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Discussion Starter · #1 ·
What about the Diesel particulate filter?

There are several types, and looking at the engine specs, it seems to imply that the DPF used on the Duster is the type that injects extra fuel diesel into the DPF and "after -burns " it to huge temperatures.

I read somewhere that some of the diesel used in this process ends up in the oil sump, (not sure how) thereby thinning it and reducing its viscosity and reducing its protective qualities.

There are also stories about people ( in other cars but with this type of DPF) doing repetitive short journeys, triggering so many regenerations that the diesel levels in the oil sump reach combustion level, causing an effect where the combustion and compression happens underneath the pistons and can't be stopped until the fuel there burns out or the engine self destructs ( because the fuel is not regulated so it goes to maximum revs).

Now. I realise that this might all be myth and old wives horror tales, designed to scare anal-retentive economy-minded motorists... out of revenge.

However it would be nice if someone could describe how the specific type of DPF on the Duster works, and what to watch out for; and how to help it live a long and useful life.
 

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I hope it's not! I had that with an Alfa Romeo MiTo and it was so annoying. When it was going through its regenerations the power plummeted, the engine was really rough, the fuel consumption went through the roof - and it was like that for about 10 miles of driving.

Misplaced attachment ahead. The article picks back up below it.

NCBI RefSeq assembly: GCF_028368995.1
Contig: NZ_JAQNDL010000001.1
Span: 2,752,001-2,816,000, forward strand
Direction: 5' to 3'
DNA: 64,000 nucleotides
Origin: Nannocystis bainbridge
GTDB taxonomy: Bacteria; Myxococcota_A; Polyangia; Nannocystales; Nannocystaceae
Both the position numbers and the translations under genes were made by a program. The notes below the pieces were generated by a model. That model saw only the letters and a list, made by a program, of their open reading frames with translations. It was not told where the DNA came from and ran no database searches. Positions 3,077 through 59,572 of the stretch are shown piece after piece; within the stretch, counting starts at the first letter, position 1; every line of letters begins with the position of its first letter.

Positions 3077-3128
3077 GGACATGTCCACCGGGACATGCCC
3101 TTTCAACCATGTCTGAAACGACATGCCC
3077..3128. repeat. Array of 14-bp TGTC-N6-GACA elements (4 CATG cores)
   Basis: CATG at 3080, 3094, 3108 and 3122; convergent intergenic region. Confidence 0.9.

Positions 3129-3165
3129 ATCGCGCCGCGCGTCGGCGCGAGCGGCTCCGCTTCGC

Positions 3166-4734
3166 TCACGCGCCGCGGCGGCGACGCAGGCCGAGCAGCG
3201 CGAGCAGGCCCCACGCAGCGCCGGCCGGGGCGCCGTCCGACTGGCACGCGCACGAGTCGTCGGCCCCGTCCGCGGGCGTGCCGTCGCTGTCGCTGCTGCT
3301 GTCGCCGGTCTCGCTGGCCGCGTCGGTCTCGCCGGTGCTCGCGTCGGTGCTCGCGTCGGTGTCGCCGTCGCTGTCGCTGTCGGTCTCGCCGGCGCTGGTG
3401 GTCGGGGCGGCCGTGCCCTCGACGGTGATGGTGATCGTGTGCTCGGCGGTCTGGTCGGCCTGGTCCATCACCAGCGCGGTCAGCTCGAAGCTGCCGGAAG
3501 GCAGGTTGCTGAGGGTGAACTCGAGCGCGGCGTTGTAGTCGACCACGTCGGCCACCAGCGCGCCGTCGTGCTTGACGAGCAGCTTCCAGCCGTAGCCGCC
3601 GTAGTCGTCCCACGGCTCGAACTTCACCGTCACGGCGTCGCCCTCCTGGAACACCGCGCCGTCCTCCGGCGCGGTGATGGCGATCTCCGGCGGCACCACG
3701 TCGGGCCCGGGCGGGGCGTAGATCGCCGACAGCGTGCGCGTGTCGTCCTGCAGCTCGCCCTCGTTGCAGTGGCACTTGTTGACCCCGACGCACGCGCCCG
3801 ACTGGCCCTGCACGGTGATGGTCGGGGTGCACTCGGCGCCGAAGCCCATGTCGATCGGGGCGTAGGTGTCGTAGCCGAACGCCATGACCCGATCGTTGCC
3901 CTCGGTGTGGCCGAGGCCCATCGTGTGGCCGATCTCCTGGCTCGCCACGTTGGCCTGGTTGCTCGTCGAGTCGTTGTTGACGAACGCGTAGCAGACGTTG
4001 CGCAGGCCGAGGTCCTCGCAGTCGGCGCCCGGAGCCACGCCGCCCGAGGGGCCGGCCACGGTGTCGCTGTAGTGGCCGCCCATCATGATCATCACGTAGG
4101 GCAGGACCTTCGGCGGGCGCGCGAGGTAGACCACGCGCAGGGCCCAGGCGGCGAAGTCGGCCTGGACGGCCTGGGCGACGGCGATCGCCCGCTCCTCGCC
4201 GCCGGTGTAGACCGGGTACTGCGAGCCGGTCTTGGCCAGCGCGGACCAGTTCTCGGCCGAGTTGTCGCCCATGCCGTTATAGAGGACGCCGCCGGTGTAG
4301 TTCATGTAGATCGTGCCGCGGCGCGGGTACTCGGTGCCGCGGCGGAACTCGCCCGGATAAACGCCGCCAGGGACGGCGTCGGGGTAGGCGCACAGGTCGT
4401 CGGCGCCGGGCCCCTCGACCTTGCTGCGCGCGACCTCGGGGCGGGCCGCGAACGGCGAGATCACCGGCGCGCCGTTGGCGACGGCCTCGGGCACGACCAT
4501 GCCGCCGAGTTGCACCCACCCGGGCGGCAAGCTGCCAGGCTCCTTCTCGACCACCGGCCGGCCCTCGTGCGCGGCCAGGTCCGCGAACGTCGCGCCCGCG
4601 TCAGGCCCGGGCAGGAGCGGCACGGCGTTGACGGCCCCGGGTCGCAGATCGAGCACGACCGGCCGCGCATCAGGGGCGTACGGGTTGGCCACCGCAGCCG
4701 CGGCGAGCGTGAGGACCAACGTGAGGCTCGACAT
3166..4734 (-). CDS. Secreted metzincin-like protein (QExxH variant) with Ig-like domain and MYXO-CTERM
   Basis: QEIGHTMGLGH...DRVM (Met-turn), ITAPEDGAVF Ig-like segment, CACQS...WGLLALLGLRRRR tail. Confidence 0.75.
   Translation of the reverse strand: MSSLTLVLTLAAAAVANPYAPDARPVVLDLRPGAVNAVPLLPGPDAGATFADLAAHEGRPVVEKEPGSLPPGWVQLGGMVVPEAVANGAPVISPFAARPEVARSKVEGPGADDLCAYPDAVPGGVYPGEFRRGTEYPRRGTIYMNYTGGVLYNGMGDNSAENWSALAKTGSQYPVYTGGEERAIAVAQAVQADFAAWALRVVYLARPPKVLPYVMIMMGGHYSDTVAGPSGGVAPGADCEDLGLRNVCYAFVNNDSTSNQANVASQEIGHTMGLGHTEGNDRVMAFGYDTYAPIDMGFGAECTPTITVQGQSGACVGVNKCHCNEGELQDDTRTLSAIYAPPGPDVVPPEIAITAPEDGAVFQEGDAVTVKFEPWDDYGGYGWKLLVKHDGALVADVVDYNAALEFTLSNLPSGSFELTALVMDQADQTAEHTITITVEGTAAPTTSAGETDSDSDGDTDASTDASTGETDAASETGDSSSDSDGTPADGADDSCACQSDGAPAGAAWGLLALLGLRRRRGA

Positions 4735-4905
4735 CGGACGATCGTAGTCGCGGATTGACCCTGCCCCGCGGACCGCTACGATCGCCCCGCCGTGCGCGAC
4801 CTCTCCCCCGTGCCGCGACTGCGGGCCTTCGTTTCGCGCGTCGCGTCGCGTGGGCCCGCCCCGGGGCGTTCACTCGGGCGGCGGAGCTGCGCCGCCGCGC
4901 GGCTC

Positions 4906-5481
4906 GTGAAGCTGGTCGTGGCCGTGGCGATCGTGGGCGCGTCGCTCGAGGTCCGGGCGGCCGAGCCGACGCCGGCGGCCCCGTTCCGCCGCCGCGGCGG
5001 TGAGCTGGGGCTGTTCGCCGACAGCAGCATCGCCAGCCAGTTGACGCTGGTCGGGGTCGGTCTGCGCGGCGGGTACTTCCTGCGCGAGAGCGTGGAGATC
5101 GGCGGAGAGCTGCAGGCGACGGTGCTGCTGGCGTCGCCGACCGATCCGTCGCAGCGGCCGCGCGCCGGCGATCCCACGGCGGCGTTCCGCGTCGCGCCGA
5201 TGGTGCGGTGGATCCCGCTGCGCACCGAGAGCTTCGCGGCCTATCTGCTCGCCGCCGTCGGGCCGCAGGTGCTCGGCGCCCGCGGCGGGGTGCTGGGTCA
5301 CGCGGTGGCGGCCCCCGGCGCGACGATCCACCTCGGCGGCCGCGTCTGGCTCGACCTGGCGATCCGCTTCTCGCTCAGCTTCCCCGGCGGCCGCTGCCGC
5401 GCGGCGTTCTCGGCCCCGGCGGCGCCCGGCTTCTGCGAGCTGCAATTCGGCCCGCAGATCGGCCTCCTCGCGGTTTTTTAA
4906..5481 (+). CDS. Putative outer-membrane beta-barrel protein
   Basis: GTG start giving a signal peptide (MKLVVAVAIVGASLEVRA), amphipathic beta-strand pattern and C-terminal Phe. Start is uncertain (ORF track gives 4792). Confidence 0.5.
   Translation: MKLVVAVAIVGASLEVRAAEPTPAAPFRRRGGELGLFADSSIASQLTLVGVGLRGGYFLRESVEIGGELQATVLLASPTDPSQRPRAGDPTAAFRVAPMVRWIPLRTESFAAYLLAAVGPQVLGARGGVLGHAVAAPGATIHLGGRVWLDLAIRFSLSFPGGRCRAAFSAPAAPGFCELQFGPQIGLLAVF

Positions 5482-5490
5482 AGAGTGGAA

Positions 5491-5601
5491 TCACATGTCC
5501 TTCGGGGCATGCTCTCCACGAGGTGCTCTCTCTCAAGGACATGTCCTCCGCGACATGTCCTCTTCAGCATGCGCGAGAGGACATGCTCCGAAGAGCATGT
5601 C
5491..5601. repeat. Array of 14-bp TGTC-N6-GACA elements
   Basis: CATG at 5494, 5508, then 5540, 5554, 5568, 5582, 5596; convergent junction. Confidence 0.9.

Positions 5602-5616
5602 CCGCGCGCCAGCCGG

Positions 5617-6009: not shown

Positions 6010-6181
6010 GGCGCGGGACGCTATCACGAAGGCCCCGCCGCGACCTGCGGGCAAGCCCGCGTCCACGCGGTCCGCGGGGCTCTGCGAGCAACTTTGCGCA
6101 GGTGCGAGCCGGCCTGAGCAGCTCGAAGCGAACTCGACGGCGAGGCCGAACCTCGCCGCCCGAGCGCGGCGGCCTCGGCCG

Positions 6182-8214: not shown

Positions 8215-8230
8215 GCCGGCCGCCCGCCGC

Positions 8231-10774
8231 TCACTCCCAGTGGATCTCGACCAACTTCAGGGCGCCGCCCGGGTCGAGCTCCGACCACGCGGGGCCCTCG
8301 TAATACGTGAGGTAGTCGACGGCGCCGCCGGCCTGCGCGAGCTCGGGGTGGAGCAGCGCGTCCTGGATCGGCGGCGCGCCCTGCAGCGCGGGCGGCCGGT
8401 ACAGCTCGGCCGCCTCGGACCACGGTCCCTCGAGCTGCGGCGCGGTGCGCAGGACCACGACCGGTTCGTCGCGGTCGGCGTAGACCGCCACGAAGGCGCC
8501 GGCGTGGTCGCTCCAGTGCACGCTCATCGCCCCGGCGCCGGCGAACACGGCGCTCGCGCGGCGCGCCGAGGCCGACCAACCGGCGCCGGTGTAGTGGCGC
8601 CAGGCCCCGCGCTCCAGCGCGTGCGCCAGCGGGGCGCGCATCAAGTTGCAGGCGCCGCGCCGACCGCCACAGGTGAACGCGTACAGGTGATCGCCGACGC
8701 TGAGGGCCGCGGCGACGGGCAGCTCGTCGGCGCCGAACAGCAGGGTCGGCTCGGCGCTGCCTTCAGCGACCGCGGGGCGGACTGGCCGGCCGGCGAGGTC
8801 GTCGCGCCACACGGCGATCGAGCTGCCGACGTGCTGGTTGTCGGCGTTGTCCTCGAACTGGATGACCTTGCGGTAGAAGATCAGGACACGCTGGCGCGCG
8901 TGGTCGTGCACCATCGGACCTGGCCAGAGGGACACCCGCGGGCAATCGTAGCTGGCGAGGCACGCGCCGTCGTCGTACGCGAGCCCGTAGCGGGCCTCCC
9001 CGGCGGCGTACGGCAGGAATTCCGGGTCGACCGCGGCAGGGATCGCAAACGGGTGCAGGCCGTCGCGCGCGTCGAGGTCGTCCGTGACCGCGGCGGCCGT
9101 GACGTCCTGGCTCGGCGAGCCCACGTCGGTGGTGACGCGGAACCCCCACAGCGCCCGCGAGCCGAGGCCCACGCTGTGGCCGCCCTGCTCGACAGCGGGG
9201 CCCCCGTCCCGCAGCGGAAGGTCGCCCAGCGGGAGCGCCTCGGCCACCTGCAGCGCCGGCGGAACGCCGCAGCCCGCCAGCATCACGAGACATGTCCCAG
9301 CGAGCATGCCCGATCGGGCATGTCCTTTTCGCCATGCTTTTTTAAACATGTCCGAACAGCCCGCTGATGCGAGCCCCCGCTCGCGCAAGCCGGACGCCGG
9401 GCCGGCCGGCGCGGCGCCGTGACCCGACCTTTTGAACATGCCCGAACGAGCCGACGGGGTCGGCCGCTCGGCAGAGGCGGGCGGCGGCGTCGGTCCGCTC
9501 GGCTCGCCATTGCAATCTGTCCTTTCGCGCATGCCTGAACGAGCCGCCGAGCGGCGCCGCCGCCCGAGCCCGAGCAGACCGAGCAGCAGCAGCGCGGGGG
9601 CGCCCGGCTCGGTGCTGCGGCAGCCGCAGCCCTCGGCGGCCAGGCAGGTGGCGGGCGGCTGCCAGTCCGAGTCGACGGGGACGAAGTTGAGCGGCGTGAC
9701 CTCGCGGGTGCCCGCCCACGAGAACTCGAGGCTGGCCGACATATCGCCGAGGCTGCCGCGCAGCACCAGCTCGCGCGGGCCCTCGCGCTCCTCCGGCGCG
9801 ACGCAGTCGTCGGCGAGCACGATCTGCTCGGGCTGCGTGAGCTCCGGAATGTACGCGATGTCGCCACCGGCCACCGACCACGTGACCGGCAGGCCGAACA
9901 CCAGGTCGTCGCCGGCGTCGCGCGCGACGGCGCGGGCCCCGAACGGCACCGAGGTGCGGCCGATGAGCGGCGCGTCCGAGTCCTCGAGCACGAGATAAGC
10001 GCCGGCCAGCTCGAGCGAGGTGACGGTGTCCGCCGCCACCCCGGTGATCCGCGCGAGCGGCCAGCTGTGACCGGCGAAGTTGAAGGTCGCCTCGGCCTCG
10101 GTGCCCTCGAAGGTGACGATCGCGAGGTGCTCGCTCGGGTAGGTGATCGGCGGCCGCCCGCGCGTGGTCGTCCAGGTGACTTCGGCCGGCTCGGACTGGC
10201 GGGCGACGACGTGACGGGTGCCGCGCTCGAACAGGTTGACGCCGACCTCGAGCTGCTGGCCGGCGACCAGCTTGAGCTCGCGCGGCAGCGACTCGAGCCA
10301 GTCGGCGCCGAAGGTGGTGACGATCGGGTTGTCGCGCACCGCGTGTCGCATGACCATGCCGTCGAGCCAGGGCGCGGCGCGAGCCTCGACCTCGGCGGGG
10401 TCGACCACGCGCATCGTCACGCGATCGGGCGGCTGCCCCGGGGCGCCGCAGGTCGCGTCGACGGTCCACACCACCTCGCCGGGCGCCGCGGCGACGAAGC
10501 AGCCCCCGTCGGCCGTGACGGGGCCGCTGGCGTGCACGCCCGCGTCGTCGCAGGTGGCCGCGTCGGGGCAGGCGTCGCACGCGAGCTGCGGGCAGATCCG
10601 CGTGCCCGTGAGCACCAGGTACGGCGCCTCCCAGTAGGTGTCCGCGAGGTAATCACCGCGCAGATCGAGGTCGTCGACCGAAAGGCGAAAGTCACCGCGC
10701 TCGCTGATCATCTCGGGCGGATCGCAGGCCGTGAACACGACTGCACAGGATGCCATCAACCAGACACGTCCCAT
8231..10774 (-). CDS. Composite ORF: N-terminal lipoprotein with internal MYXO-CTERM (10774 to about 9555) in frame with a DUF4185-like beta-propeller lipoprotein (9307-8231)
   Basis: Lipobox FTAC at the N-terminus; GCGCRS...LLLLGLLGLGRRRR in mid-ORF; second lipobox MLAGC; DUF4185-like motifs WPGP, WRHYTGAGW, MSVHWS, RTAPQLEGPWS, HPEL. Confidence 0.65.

It got so bad that it was doing it at least once on every tankful - and at that stage I was filling up twice a week. Otherwise I loved the car but that caused me to sell it.
 

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Discussion Starter · #3 ·
Oh dear! I would have thought that if it was that bad we might have heard something, although they are not fitting them in india because there is not the same incentive for "green " credentials. I'm not sure about the rest of Europe? We could be the guinea pigs!
They would still be legal in this country without them but your emissions would be nearer the £250 per year end of the road tax spectrum. ( option to remove and re-map the engine?)
 

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All diesel engines push some diesel into its oil. Especialla older where the piston rings gets worn. Nothing to worry about the oil can handle it. Diesel itself is an lubricant the injectorpump use. Just service more often or do an oilchange yourself in between services if you feel you need it. The most common reason for diesel runaways is the turbo. A worn turbo or blocked oil returnline can deadly. Be careful of driving bluesmoking diesels.
 

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All diesel engines push some diesel into its oil. Especialla older where the piston rings gets worn. Nothing to worry about the oil can handle it. Diesel itself is an lubricant the injectorpump use. Just service more often or do an oilchange yourself in between services if you feel you need it. The most common reason for diesel runaways is the turbo. A worn turbo or blocked oil returnline can deadly. Be careful of driving bluesmoking diesels.
 
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